Reflecting on that past, I am mindful that the issues raised in the public domain today are not very different to the issues of 25 years ago. However, there appears to me to be a deepening sense of hopelessness and desperation that lingers even after you have left those postal codes behind. In spite of the pleas (echoed through the #TheTotalShutdown movement), exclusion and poverty remains entrenched, criminal activity remains part of the societal fabric and young children seemed trapped to live in a perverse repetitive loop.

The calls in the Western Cape, but also in Gauteng, have appeared to be desperate, imperfect and to a certain extent rooted in deep sense of fear. Fear that is sometimes grounded in xenophobic blindness, disturbing remnants of “swart gevaar” or somehow rooted in some warped Tricameral Parliament logic from the apartheid era.

These are the tendencies we must be alive to — we must guard against them, especially if we are to work towards addressing the structural reality of inequality and poverty. We can ill afford the knee-jerk reaction to exclude and “other” those in our society and country who are vulnerable and susceptible to exploitation.

We must be alive to this, not only in those who seek public office, but also in those who seek to guide communities and speak on behalf of the people.

South Africans are not served well by movements that refuse to consider our context. The need for robust conversations and the need to ensure our attempts to shape a better union are guided by the Constitution and the imperative to ensure the problems and ensuing solutions are rooted in intersectionality and a sound human rights foundation. There should be no space in our constitutional democracy that allows for hatred, racism, xenophobia and misogyny.

It is not surprising that in this abnormal environment, exacerbated by our recent past, that disruption seems to be the most effective way to be heard. Thousands of South Africans continue to feel that they are not heard or seen – and most of all that they are not served.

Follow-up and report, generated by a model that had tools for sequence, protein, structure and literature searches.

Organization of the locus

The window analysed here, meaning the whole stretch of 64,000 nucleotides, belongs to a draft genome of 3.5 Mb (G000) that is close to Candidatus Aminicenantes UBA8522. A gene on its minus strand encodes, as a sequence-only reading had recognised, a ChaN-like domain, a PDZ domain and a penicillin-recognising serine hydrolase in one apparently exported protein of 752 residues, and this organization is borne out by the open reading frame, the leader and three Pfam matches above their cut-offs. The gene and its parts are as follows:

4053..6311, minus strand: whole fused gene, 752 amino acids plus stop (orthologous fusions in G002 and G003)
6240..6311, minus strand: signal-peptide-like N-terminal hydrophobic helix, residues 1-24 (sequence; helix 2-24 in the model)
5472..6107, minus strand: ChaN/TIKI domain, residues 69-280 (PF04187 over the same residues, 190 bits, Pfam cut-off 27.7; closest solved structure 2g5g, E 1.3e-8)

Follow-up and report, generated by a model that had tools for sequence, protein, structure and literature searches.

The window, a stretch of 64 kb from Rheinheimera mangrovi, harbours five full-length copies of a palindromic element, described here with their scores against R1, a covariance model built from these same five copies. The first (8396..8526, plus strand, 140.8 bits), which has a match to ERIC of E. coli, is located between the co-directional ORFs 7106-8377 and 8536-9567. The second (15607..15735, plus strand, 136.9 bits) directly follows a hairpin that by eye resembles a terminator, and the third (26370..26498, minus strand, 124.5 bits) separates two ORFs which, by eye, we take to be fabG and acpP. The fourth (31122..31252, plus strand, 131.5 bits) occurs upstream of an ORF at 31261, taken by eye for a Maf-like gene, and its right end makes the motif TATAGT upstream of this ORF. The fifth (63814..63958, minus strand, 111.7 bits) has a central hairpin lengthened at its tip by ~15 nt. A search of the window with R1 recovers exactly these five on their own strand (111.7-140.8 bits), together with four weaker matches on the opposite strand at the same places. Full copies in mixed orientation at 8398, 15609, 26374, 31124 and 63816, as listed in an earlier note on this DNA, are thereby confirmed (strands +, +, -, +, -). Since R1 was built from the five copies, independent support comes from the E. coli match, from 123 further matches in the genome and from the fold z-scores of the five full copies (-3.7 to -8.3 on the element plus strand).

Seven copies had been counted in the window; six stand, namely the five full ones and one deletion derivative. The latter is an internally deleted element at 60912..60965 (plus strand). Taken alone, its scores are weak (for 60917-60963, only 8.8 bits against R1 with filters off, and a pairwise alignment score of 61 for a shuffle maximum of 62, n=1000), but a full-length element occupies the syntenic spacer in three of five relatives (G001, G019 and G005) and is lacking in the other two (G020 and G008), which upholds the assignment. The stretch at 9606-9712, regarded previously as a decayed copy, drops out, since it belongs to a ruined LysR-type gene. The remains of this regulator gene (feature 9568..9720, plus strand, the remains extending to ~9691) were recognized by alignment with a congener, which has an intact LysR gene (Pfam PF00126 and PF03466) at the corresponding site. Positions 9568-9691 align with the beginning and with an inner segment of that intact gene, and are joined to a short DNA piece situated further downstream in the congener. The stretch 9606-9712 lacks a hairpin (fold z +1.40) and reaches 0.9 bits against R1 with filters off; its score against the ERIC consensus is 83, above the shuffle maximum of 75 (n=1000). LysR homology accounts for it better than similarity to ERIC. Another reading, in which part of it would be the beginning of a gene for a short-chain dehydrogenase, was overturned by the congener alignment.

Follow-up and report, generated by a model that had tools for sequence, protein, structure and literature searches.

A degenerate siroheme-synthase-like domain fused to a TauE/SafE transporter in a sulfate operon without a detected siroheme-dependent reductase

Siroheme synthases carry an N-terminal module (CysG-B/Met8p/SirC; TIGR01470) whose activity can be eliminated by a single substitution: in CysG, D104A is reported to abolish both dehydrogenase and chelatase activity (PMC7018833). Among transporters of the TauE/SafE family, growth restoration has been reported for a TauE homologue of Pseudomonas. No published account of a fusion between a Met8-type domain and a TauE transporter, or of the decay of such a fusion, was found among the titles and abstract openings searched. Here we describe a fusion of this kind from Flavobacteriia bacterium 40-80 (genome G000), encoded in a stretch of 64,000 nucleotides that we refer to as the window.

Protests, disruption and visible demonstrations, therefore, are often seen as the only means to receive a response. Some South Africans continue to wait for some acknowledgment that their concerns and needs will be answered by a government that cares — by a government that answers the call of service.

The 2019 national elections will alarmingly see the introduction of campaign talk about “undocumented immigrants”, which is not only the campaign platform of Donald Trump, but appears to be part of the electoral campaign strategy recently unveiled by the Democratic Alliance.

The challenge for all South Africans is that we should be stamping out exclusion and othering from society so that we can collectively contribute to one that is rooted in humanity, dignity and equity in order to confront the triple threat of poverty, unemployment and inequality.

South Africans cannot rely on the politics of fear and despair — we cannot allow our future to founded on fear and exclusion. We must fight against the fear even if it comes from within, or from those seeking our vote in 2019.

We must fight for a better South Africa that includes all who live in it. We will need to confront the inadequacies of our elected, or sometimes self-appointed, leaders so that we can free ourselves from fear and strive to meaningfully change course and build a truly inclusive South Africa. DM